LM380 oscillates on positive

Thread Starter

jmoffat

Joined Jul 18, 2012
42
I breadboarded the audio amplifier in the circuit below. My O'scope indicates that it is oscillating on the positive half of the sine wave. Any ideas? I used the inductor symbol to represent the speaker. If anyone knows where I can find a LTspice model for a LM380 please share. Also what would be a reasonable model for a 2" speaker?
 

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dl324

Joined Mar 30, 2015
9,633
Do you have the power supply decoupled? Is the oscillation frequency low enough to be audible?

Post a schematic for those of us who might be using a device that doesn't have LTspice installed.
 

bertus

Joined Apr 5, 2008
20,240
Hello,

Can you post a readable schematic?

Do you have the resistor/capacitor combination on the output of the LM380?

LM380_output.png

Bertus
 

Thread Starter

jmoffat

Joined Jul 18, 2012
42
Do you have the power supply decoupled? Is the oscillation frequency low enough to be audible?

Post a schematic for those of us who might be using a device that doesn't have LTspice installed.
Yes the power supply has a 220 uf cap which I moved to be physically closer to the opamp.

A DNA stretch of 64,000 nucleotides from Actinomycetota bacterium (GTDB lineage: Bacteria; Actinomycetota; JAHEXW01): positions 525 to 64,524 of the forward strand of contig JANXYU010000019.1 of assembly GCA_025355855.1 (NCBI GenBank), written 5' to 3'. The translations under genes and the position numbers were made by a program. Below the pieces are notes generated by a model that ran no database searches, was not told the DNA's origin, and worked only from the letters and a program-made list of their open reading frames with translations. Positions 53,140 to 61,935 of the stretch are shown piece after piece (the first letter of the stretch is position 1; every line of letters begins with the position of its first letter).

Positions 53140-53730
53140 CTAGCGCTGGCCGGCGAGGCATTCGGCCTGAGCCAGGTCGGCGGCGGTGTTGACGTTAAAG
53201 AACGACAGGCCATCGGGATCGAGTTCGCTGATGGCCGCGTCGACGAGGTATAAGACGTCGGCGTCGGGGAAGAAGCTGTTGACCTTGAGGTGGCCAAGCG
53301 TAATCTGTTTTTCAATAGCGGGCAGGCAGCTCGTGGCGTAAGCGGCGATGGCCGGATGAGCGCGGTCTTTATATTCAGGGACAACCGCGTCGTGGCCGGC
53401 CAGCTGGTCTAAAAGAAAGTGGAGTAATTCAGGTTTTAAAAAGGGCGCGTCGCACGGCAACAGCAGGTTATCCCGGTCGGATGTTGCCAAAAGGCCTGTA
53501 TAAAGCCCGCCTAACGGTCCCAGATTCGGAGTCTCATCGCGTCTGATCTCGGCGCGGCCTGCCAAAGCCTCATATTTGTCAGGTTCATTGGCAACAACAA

What is a good way to generate a jpeg of my schematic?
 

Thread Starter

jmoffat

Joined Jul 18, 2012
42
Hello,

Can you post a readable schematic?

Do you have the resistor/capacitor combination on the output of the LM380?

View attachment 95534

Bertus
I will have to find a way to generate a jpeg or something that can be displayed easily.
and yes I do have the resistor / capacitor in place. Ironically the oscillation diminished
substantially when I disconnected it. This led to me dress the leads differently. Problem solved!
I never thought lead dress would be critical at 1KHz!
 

RichardO

Joined May 4, 2013
2,271
I never thought lead dress would be critical at 1KHz!
Your signal may be at 1 KHz but the amplifier has gain at hundreds of kHz or more. This gain at high frequencies with some feedback can cause oscillations from the parasitics dl24 mentioned.
 

Roderick Young

Joined Feb 22, 2015
408
In post #3 by Bertus, there is a 2.7 ohm plus 0.1 uF snubber on the output. Do you have that installed? In 1979, I worked on a commercial product where the original engineer did not put in the snubber, and there were severe problems. The LM380 worked as an amplifier, but was very soft. My theory was it was putting out most of its power at the high frequencies of the ringing (oscillation). Once the 0.1 uF cap was installed, the output became normal.
 

AnalogKid

Joined Aug 1, 2013
8,259
As a rule of thumb, audio power amp chips, old and new, are notorious for breaking into oscillation. They are very sensitive to ground impedance (long wires/thin traces), decoupling, etc. Almost all have reference designs in the datasheet or app notes, and that board layout is not just recommended. Often it is the only thing that will keep the device under control.

ak
 
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